CARICOM's mainland the hope for regional food security

Published: Tuesday | October 9, 2012 Comments 0
Shoppers at the Coronation Market in downtown Kingston. - File
Shoppers at the Coronation Market in downtown Kingston. - File

Leading Caribbean agriculturist Dr Arlington Chesney, executive director of the Caribbean Agricultural Research and Development Institute (CARDI), has highlighted the opportunities the Caribbean's mainland territories such as Suriname, Guyana and Belize offer in the matter of food security.

"The region has set itself a target of 25 per cent food and nutrition security by 2015. But we can't do that as individual countries," Chesney said.

His comments came after a partnership arrangement between Guyana and Trinidad for the creation of a food-security facility with hopes of stimulating agricultural and livestock production, reducing dependence on foreign food imports, and stimulating, regionally, the drive for food security in CARICOM.

The announcement was made last week Monday by Trinidad & Tobago's new finance minister, Larry Howai, while presenting the 2013 national budget. Chesney said the principle behind the arrangement between Guyana and Trinidad was "a very good one".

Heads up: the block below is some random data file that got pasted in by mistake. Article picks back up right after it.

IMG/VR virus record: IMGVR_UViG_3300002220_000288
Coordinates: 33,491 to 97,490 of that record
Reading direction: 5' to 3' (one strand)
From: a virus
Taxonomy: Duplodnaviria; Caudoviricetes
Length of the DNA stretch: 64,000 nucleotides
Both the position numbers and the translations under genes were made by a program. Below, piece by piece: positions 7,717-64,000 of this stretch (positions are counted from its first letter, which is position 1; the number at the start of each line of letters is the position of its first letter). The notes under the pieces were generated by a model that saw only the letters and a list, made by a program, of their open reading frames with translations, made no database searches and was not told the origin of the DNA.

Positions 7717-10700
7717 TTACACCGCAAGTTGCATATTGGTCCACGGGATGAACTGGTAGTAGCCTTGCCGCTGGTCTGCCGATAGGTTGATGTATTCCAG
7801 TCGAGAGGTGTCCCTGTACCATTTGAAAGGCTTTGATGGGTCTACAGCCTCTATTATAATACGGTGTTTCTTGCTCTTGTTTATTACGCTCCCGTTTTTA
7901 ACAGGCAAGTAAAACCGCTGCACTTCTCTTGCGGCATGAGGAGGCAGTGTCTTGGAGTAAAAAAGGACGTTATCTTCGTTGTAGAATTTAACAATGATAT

CARICOM, with approximately 16 million inhabitants in its 15 member states, has an annual food import bill of more than US$4 billion.

A United Nations Food and Agriculture Organization study shows that, with the exception of Guyana, Belize and St Kitts and Nevis in the English-speaking Caribbean, no country has the required land mass to achieve 100 per cent food security.

Chesney said he welcomed the food-facility arrangement. He said it was important to note the land mass limitations of a majority of CARICOM countries, including Trinidad and Tobago, but said that Guyana and Suriname, with their abundant acreage, can play a crucial role in a collective regional initiative to respond to the challenge of food security.

Food security-related issues have long occupied the agenda of the region's countries. Suriname's OAS representative Niermala Hindori-Badrising recently noted that the issue of food security and access to food should be a priority in national and international policies, and that what was needed to solve this problem are regional and international cooperation, "and an obvious need to invest in agricultural technology."

Trinidad and Guyana's partnership is, therefore, being hailed as "good news" for farming communities, commercial sectors as well as consumers with a passion for Caribbean commodities.


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